section 8 order for child arrangement order for living or contact, or a
prohibited steps order, or a specific issue order. These orders can be
made in any family proceedings as per s8(3). They can be made for
any specific duration or until next order s11(7)(c). Finally, they can
only be made for children under 18 s9(6).
A child arrangement order is made for living arrangement or for
contact. Where a CAO is made subject to section 13(1)(a)and(b) the
parents cannot change the surname of the child, nor can they leave
the jurisdiction for more than 1 month without the consent of all those
with parental responsibility or without the courts consent. An order for
a shared living arrangement will be made where it reflects the reality
of the childs life (D v D). Where a contact order is made, it can
stipulate specific conditions (s11(7)).
A SPI order can be made for education; H-D. or for religious upbringing
of child; Re J.
Section 10(4)(a) provides that parents of the child are entitled
applicants. Section 10 provides that applicants are split into two
categories: entitled applicants, and those that are not entitled that
must seek permission. M v C defines parents as meaning all natural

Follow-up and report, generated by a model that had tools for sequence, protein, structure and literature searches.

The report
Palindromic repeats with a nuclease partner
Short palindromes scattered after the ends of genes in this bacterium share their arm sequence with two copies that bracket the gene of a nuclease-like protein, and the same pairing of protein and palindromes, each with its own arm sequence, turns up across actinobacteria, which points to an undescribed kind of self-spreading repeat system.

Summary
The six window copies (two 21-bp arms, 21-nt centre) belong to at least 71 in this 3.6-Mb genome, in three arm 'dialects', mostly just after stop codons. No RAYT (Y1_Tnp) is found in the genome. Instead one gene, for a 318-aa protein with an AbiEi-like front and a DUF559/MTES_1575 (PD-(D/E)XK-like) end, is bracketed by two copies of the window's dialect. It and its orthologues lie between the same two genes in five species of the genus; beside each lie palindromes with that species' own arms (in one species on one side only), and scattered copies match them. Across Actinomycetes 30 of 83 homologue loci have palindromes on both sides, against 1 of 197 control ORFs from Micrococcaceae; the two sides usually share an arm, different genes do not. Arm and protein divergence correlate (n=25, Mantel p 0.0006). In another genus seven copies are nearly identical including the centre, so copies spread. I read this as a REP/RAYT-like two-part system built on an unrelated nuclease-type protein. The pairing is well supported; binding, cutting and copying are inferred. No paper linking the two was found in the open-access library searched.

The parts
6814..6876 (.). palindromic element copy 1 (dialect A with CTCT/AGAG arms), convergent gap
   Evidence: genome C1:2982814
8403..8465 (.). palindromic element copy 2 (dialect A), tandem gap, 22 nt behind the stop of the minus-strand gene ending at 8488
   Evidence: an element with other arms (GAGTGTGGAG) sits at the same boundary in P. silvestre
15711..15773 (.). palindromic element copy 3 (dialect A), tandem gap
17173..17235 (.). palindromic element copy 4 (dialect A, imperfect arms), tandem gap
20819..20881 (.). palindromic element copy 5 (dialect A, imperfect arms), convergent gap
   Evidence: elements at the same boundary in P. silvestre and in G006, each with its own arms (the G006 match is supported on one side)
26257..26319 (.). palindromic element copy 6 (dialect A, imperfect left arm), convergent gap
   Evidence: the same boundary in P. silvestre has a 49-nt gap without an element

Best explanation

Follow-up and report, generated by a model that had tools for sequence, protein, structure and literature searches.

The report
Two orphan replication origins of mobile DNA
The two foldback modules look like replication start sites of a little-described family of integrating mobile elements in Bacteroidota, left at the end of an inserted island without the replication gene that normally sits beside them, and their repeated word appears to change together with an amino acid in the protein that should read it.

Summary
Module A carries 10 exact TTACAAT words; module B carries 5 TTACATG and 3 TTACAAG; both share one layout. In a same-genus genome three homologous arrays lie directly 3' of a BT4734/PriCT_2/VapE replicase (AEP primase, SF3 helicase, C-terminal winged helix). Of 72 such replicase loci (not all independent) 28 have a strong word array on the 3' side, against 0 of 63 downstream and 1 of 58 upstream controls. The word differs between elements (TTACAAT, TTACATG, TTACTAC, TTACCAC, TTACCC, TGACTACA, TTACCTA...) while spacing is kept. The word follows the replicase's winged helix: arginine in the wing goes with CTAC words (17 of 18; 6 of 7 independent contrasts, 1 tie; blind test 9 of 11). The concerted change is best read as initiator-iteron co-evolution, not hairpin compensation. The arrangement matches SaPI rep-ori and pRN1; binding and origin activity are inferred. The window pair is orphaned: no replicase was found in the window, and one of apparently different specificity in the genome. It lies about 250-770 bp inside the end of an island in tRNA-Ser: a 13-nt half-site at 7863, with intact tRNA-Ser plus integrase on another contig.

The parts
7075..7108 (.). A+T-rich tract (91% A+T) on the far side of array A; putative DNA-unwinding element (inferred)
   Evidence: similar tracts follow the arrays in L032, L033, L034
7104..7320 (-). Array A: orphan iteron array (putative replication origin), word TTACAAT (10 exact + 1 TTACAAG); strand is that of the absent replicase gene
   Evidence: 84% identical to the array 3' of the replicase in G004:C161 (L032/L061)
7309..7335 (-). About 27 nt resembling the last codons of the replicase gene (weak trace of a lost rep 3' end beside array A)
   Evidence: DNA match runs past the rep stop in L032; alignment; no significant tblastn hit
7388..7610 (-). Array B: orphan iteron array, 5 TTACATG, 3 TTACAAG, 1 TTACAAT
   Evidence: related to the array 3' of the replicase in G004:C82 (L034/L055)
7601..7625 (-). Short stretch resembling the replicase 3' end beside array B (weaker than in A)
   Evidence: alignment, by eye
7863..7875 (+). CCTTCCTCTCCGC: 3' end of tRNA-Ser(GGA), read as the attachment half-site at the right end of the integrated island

parents, irrespective of parental responsibility. It is important to
consider whether the courts have previously made an order under
s91(14) restricting future applications. This is done to protect the
parties from vexatious litigation.
Section 1(5) establishes the no order principle. This sets a low
threshold for the applicant, in which the applicant must prove that it is
better to grant an order than not granting an order. Generally this can
be demonstrated by showing that the family situation is hectic without
an order.
Section 1(2A), provides a presumption in favour of parental
involvement. Section 1(2B), defines involvement broadly, as it
includes both direct and indirect involvement. Re B demonstrates that
even where the father acts bizzarely and is eccentric and his behaviour
is capable of distressing the child, it will not be sufficient to rebut this
presumption. Re L; V; M; H provides that domestic violence will not
necessarily rebut the presumption, however abuse towards the child
almost most definitiely will. Finally, AL v JH suggests that the
presumption will only be rebutted in exceptional circumstances.

Section 1(1) provides that when making an order in relation to the


upbringing of the child, the paramount consideration must be the
childs welfare. Section 1(4) provides that where there is a contested